Fiji joined an international peacekeeping force keeping a lid on simmering tensions in the riot-hit Solomon Islands on Monday, as the Red Cross warned of food shortages in the Pacific nation's devastated capital.
Prime Minister Frank Bainimarama deployed an initial 50 Fijian troops to maintain law and order in the wake of deadly anti-government protests, lifting the number of peacekeepers to about 200 -- mostly Australian with a contribution of at least 34 from Papua New Guinea.
Bainimarama said another 120 troops were on standby if the security situation deteriorated in Honiara, where a massive clean-up was under way after the unrest that claimed at least three lives.
"I also wish to take this moment to convey my thoughts and prayers to our brothers and sisters in Solomon Islands for the turmoil they are currently experiencing," the Fijian leader said.
The Solomons crisis erupted last Wednesday when protests over government policies turned violent, fuelled by poverty, unemployment and inter-island rivalries in the nation of 800,000.
After trying to storm parliament, mobs ran amok for three days, reducing much of the Chinatown area to smouldering rubble and attempting to torch Prime Minister Manasseh Sogavare's home.
Calm was restored after Australian troops and police rushed to Honiara in response to Sogavare's desperate plea to Canberra for help.
- Lost everything -
Solomon Islands Red Cross Secretary General Clement Manuri said Honiara was quiet but tense on Monday as residents continued to tidy the streets.
Manuri said food was becoming scarce in the capital and aid agencies were assessing whether they needed to distribute emergency supplies.
"We're having meetings now with the NDMO (National Disaster Management Office)," he said.
"It's not clear but soon, in certain crowded places, maybe they'll run out of food."
Rioters burned and looted Chinese businesses during the unrest and Manuri said that meant most of the stores where people bought food staples had been destroyed.
He said the Chinese community was keeping a low profile after being targeted and had no immediate plans to reopen their shops.
"They've scattered and are staying with friends," he said. "They're in shock and the priority right now is getting accommodation."
Rioters focused on the Chinese community partly due to the Solomons government's switch diplomatic allegiance from Taiwan to China in 2019, a move that angered some communities in the aid-dependent nation.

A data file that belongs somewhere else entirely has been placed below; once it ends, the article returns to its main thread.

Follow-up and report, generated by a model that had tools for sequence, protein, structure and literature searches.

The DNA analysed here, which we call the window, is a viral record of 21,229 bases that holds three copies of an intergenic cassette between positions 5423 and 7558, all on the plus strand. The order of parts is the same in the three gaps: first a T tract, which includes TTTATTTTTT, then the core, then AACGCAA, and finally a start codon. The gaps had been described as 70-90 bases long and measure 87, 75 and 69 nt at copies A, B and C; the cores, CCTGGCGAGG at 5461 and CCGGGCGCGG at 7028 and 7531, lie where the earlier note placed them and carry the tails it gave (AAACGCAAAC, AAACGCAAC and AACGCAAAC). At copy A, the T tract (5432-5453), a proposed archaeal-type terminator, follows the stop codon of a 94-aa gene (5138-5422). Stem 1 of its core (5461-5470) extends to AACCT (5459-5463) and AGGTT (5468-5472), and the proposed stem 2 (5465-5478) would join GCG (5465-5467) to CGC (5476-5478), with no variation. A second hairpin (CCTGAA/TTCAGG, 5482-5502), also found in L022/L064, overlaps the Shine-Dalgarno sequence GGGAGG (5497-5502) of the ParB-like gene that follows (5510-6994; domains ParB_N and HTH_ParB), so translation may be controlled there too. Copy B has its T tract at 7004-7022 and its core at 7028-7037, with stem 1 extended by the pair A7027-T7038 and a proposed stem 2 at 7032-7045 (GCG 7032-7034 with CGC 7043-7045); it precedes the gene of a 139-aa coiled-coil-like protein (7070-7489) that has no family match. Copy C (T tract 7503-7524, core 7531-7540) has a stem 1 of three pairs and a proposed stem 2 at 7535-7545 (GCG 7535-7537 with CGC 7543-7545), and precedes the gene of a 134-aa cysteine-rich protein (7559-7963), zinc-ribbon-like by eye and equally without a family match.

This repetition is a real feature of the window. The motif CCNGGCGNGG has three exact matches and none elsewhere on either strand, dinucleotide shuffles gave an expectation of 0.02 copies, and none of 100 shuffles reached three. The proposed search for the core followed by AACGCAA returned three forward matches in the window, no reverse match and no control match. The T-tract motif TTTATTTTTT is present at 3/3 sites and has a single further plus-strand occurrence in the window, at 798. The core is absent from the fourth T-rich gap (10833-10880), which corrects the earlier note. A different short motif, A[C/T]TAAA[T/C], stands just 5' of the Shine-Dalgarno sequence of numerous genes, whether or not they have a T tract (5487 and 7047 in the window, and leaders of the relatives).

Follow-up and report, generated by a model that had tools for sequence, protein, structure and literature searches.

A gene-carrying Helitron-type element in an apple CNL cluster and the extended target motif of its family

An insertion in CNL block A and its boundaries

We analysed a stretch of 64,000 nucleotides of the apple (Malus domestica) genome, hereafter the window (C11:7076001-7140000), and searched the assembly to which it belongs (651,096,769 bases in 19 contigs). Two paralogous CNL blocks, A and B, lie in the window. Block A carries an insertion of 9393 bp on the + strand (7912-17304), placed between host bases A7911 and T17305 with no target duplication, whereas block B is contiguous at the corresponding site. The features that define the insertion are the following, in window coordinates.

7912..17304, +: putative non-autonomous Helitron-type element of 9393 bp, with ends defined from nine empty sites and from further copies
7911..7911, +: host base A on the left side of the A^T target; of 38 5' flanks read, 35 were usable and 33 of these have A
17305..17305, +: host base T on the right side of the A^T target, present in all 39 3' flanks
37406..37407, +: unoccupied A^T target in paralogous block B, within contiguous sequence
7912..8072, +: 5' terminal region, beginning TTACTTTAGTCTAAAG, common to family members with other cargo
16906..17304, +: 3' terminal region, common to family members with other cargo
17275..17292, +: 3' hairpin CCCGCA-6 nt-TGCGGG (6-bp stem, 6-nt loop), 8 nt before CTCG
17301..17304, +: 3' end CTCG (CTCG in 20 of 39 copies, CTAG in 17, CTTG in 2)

The Solomon Islands Chinese Association (SICA) condemned the "senseless" violence, saying the community had more than 70 years of history in the islands.
"Many Chinese individuals and families have lost literally everything and are also homeless," it said in a statement cited by local media.
- Wrath of fire -
In a sign Honiara was returning to normal, parliament sat for the first time since protesters laid siege to the building last week and burned an outbuilding.
Finance Minister Harry Kuma told the legislature that food prices in Honiara's markets had skyrocketed as a result of the riots and there had been widespread destruction of both public and private property.
"Allow me to extend my heartfelt sympathy to those businesses and individuals who have lost millions of dollars worth of goods and property to criminal destruction," he said.
"My sincere condolences also go to the families who have lost a loved one to the wrath of fire."
Australia's Minister for the Pacific Zed Seselja said he still expected the peacekeeping mission to last "a few weeks", unlike Canberra's last intervention in the Solomons, which stretched from 2003-17.
He refused to speculate on what other steps Australia could take to ease the underlying social and economic problems plaguing its northern neighbour.
"What we've said is we're coming in to restore calm and restore order, we believe it will be a relatively short-term deployment -- anything beyond that is a matter for further discussions and further consideration," he told the Australian Broadcasting Corporation.